Solaris 1972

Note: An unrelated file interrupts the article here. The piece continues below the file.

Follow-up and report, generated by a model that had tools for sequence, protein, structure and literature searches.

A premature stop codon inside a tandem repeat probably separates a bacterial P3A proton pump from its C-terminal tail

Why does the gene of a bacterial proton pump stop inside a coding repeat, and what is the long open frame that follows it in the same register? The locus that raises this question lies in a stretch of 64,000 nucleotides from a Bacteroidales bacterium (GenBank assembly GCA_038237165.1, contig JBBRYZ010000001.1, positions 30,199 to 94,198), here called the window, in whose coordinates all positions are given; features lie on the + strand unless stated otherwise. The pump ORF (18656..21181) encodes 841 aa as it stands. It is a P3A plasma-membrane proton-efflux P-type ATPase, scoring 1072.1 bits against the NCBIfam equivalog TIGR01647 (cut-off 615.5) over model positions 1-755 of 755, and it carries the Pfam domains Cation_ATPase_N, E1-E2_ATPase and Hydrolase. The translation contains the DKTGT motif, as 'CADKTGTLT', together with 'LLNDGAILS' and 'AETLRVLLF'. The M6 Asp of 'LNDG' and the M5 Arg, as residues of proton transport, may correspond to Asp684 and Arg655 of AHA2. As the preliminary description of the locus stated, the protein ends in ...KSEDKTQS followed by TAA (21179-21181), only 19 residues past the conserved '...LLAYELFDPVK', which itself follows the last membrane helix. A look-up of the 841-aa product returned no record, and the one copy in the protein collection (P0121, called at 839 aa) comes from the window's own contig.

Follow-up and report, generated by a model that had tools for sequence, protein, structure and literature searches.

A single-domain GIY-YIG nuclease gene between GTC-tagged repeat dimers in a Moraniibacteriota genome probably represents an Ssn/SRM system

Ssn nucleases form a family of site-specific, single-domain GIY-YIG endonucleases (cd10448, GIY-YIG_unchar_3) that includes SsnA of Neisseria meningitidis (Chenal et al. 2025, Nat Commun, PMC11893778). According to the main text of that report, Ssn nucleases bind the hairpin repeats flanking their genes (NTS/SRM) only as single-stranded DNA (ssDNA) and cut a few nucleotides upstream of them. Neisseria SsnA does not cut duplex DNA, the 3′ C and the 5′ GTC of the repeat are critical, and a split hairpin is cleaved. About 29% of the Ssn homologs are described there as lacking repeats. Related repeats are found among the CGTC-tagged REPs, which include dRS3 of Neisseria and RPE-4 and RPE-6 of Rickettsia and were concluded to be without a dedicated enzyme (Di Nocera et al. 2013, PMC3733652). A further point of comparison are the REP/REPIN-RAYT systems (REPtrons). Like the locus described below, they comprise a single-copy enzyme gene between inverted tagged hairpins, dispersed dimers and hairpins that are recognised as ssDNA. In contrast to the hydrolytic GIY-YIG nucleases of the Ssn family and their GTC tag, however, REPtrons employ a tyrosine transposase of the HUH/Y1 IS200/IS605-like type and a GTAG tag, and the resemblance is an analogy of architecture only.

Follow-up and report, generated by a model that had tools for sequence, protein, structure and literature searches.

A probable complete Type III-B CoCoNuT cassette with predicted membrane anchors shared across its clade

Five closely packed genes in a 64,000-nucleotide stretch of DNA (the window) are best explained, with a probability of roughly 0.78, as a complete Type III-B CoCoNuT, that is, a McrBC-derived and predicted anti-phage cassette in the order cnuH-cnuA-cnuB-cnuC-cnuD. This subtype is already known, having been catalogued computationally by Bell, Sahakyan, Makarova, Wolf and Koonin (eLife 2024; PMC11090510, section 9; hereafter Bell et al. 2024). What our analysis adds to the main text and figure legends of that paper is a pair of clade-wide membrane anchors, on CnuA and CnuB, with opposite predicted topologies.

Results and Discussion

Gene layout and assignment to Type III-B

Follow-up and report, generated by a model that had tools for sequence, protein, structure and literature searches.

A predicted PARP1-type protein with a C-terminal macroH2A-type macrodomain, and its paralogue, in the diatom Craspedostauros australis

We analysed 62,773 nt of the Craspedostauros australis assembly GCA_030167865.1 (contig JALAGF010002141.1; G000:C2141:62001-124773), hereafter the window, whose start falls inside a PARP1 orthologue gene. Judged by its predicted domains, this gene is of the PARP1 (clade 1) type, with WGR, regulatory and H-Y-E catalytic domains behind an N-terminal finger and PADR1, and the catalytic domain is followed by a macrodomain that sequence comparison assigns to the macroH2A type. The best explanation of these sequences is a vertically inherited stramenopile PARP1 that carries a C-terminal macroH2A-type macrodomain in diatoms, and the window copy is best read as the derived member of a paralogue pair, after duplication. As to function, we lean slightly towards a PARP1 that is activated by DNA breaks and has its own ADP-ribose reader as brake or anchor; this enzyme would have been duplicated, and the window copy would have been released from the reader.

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Andrei Tarkovsky is a fairly unique proposition as a director in that his films are so consistent; the Russian director only made masterpieces, and Solaris is probably his best known. Adapted from the 1962 book by Stanislaw Lem, Solaris is a sci-fi epic, although for Tarkovsky that doesn’t mean cute robots and fireballs, but at least ninety minutes of people standing in fields reciting poetry to each other before the action leaves earth. Patience is rewarded, and once psychologist Kris Kelvin (Donatas Banionis) gets into space, the reflection gives way to a confrontation with ghostly figures from the pasta and the future. These are generated by Solaris, a sentient planet below the space station Kelvin inhabits, and the alien contact he experiences is closely related to his own personal experience. As philosophical as sci-fi gets, Solaris is a meditation, difficult but rewarding; it’s notable that Steven Soderberg’s remake with George Clooney, well-intentioned as it is, don’t have the same narrative pull; somehow it’s the lengthy gaps between the words that make Tarkovsky’s vision so enduring.

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